The Michigan Supreme Court is now reviewing hundreds of speed limits because of a traffic stop in Ionia County.

Many 25 mph zones are likely to be found to not be legal speed limits. This doesn't include business districts or low volume neighborhood streets. Many local governments have intentionally ignored the rules and kept their speed limits low.

A court case involving Sarranac man, Anthony Owen, could be the case the Supreme Court uses to make a decision on Michigan speed limits.

After sobriety tests, officers determined Owen should be arrested for DWI.

The attorney representing Owen, Ed Sternisha, asserts that his client should not be held responsible for the DWI charge because the speed limit of 25 mph that was set on Parsonage Road in Saranac was not set properly by state law.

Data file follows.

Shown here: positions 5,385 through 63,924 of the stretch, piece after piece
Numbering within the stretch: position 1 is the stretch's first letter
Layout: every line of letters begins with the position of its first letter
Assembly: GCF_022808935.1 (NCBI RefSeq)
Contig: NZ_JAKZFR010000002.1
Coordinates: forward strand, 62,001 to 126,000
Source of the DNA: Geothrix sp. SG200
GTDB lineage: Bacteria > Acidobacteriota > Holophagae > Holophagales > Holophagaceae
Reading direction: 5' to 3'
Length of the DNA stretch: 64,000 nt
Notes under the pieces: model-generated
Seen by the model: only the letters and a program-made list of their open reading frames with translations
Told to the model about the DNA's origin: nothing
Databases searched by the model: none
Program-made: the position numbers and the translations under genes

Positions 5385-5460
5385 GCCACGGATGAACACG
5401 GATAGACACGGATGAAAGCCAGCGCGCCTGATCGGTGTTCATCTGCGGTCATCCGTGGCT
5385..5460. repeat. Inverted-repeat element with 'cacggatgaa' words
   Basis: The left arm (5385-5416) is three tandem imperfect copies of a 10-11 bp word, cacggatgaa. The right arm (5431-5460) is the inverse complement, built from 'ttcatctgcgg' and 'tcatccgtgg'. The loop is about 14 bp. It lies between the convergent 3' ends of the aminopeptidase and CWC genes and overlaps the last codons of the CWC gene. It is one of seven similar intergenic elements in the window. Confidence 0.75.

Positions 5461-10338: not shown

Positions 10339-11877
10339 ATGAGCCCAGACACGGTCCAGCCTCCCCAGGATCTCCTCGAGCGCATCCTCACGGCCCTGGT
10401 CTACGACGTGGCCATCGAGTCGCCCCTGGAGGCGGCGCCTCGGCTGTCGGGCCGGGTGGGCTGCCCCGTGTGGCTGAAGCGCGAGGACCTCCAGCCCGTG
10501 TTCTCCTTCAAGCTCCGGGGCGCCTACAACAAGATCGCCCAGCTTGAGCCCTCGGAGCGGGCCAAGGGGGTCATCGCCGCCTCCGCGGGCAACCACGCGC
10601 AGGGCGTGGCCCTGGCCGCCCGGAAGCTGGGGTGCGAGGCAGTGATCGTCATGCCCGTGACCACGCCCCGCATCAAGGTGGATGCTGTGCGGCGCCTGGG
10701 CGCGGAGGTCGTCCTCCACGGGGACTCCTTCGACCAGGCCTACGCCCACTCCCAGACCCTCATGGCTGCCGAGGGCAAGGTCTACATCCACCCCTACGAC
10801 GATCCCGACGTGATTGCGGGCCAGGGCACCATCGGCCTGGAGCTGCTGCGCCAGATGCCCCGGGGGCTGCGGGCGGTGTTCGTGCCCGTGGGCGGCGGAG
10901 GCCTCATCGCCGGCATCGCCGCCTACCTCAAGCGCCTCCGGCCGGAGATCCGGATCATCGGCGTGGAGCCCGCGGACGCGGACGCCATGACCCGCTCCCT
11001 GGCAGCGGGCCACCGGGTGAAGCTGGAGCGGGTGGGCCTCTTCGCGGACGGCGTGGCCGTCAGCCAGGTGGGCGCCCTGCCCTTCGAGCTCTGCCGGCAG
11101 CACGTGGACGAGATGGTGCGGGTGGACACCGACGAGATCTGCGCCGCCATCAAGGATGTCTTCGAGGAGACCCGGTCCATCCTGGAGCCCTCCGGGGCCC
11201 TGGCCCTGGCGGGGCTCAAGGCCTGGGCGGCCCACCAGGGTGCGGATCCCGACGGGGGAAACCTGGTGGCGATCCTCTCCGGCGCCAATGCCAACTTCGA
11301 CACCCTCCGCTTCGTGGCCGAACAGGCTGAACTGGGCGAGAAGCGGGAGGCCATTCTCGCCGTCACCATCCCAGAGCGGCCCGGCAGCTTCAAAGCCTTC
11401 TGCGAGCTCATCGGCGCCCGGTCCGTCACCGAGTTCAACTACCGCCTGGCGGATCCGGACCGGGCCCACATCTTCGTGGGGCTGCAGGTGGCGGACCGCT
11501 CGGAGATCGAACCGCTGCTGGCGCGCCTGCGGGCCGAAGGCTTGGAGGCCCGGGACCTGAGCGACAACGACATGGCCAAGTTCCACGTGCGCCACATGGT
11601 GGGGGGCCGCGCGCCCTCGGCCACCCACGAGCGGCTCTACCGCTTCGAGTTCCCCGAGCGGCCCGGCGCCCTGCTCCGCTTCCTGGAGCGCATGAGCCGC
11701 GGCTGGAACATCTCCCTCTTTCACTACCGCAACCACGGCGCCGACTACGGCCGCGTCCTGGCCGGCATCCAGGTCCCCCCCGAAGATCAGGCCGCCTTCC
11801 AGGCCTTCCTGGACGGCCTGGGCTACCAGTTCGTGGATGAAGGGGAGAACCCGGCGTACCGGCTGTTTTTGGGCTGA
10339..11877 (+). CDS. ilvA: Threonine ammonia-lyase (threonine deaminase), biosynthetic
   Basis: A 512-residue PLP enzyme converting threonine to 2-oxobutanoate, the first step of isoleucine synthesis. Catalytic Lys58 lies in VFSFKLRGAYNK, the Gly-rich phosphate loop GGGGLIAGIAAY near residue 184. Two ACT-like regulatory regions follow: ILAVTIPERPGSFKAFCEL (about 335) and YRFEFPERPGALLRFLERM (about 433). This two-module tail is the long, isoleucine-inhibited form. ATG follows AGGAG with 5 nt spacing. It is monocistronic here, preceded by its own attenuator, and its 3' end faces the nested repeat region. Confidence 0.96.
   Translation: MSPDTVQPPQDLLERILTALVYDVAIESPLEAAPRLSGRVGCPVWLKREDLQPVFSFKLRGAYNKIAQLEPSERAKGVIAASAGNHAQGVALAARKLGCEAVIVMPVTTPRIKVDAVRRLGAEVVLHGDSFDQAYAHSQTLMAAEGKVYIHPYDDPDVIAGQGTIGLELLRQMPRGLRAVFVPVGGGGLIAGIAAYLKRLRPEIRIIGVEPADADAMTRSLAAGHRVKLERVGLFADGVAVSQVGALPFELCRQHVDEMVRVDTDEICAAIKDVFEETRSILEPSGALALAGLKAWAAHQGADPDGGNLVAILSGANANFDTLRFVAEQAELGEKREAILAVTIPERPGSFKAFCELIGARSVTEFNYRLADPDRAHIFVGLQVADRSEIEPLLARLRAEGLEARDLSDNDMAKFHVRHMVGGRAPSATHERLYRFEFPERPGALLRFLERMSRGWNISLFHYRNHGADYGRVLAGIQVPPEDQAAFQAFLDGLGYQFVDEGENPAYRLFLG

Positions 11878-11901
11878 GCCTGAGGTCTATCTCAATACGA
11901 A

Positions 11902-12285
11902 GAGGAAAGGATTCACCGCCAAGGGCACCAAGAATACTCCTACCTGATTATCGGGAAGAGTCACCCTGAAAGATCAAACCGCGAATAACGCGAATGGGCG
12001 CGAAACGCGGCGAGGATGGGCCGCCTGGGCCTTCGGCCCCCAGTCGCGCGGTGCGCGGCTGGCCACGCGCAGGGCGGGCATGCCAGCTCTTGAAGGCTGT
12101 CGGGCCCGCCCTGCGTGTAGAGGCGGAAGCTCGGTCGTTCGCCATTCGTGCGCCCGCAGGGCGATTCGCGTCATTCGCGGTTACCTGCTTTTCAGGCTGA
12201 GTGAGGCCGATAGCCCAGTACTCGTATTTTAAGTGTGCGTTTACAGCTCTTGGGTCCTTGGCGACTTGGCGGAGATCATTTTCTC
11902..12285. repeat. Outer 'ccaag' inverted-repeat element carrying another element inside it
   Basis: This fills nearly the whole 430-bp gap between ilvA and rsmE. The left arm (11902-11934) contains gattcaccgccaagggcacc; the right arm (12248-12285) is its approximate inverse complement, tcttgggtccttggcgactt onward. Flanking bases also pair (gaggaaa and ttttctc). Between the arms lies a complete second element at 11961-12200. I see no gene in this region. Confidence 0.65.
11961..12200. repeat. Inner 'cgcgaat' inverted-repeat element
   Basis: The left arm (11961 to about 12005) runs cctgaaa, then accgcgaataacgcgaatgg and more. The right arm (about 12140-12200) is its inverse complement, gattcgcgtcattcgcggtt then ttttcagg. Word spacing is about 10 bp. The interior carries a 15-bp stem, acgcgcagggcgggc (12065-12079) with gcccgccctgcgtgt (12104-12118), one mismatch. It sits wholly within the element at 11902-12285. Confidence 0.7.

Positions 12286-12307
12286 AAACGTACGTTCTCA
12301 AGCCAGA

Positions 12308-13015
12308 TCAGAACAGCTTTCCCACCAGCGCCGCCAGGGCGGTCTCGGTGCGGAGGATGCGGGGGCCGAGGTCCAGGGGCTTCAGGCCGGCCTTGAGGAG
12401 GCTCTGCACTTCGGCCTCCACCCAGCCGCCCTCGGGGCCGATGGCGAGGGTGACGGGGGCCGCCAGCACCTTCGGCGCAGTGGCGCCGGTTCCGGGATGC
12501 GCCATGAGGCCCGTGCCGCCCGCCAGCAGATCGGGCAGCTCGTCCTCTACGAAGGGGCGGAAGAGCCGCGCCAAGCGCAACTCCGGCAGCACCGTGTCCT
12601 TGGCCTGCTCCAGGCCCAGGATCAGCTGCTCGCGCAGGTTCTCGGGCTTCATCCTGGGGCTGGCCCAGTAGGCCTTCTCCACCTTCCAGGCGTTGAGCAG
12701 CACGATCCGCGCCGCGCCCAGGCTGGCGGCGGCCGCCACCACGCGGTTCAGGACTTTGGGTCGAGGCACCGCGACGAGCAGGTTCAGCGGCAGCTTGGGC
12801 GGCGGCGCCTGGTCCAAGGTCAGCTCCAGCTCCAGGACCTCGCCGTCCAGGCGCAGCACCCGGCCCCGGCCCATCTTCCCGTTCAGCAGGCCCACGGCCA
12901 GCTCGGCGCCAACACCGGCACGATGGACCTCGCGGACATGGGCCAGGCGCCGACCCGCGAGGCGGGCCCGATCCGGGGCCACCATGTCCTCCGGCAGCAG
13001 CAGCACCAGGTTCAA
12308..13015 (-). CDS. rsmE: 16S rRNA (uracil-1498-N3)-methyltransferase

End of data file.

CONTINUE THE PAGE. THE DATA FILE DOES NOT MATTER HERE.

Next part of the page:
Sternisha says that because of that, his client was not breaking any laws when deputies pulled him over since the default 55 mph speed limit should apply to that particular road.

Two judges found Owen not guilty but the Ionia County Prosecuting Attorney Kyle Butler successfully appealed the decision and convicted Owen of a DWI.

Michigan State Police Lt. Gary Megge testified in Owen's favor stating that he believes speed limits can only be enforced in this state if local governments have established speed limits that are based on science and not an arbitrary number.

If the state Supreme Court decides Owen's attorney is right, this could effect hundreds of potentially illegal speed limits scattered across the state.